South Carolina, Sumter, prepares for effects from Hurricane Ian


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Ahead of Hurricane Ian's forecasted effects in the state later this week, many in South Carolina are preparing.

Gov. Henry McMaster held a briefing on Hurricane Ian at 4 p.m. Tuesday.

"The main thing I want to assure all South Carolinians is that we're fully prepared," he said. "We know we are going to be experiencing some rough weather."

In the briefing, statewide agencies prepared residents for potential impacts in their communities, including sporadic power outages possible across the state.

"Here's one that may be coming to our doorstep," McMaster said. "We really don't know what's going to happen, but we need to be prepared and watchful."

South Carolina Emergency Management Division Director Kim Stenson said the agency is working closely with county agencies, but no county is in need of assistance at this time.

Sumter County Emergency Management Director Donna Dew said county staff is monitoring Ian's travel path closely and is taking the storm's forecast seriously.

"This is not just a coastal event. This is a statewide event. We can expect heavy rain coming in different bands off and on starting probably sometime late Thursday through Saturday, as well as the wind," she said.

South Carolina may begin experiencing tropical storm-force winds across the state on Thursday night with additional impacts such as heavy rainfall, coastal flooding and isolated tornadoes possible.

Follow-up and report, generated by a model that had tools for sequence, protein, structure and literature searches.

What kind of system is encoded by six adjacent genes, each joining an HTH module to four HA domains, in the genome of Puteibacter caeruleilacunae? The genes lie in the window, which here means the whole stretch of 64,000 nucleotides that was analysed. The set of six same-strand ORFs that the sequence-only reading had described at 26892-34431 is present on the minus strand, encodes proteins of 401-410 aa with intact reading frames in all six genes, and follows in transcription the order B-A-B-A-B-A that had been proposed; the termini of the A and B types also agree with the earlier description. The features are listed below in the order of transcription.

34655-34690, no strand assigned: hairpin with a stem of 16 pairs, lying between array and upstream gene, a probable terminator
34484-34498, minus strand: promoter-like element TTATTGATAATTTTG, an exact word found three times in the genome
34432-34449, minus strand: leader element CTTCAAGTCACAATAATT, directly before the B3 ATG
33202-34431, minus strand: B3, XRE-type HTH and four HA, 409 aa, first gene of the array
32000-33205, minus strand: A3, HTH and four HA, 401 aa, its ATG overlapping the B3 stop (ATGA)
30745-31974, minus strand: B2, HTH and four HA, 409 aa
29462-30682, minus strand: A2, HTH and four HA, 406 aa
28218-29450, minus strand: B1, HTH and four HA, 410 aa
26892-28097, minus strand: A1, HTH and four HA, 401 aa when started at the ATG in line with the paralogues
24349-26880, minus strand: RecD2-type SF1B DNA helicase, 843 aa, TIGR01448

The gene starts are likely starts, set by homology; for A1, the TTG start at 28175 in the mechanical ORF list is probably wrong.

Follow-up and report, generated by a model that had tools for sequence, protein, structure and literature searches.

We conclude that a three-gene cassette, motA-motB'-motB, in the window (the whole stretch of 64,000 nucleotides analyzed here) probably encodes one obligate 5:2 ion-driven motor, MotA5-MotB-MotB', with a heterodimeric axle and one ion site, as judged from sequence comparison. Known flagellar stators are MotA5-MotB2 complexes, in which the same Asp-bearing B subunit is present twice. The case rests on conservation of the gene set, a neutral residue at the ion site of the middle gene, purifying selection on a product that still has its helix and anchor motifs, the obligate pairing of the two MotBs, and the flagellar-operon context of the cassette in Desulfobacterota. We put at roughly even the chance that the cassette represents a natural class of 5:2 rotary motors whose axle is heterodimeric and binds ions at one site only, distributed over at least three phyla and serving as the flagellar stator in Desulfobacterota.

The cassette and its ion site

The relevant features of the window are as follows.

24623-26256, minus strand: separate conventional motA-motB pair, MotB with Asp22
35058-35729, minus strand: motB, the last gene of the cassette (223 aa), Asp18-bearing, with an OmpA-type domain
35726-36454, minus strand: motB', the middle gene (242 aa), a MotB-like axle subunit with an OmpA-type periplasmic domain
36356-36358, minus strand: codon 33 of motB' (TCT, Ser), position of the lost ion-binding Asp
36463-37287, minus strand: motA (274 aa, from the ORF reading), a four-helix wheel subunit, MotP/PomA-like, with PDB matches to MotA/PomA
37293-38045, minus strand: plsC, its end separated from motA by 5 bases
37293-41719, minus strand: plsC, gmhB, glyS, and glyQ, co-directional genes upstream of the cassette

With Ian's strength upgraded to a Category 3 on Tuesday morning, the American Red Cross urges everyone in the region to make their storm preparations now.

"We have initiated a disaster relief operation, so that means we have people assigned to roles that will fall in queue for the community as needed," said Mandy McWherter, regional communications director for the American Red Cross. "Right now, there is no definitive to open shelters at this point."

If there is reason to open shelters, McWherter said the American Red Cross will notify the public.

"Our job is to support the volunteers who are dealing with people impacted by Hurricane Ian," said Terry Barcelona, a Red Cross of South Carolina Upstate Chapter volunteer. Barcelona has deployed to Florida to serve as a logistic chief. "We will also be setting up shelters in the event they are needed and preparing to feed anyone who needs food. We will use the day or two before the storm hits to get prepared to help people who are in our shelters or otherwise need some help."

According to QuoteWizard Public Relations Specialist Emily Lamb, analysts collected South Carolina data that showed nearly 81 natural disasters have caused $20 billion to $50 billion in damage in the last 40 years.

The data also shows natural disasters have increased by 100% during the last 20 years, while national flooding increased by 83%. Severe storms increased by 445%, Lamb said.

Sept. 22 marked the 33rd anniversary of Hurricane Hugo making landfall in South Carolina. The Category 4 storm brought devastation to South Carolina communities, including the tri-county area.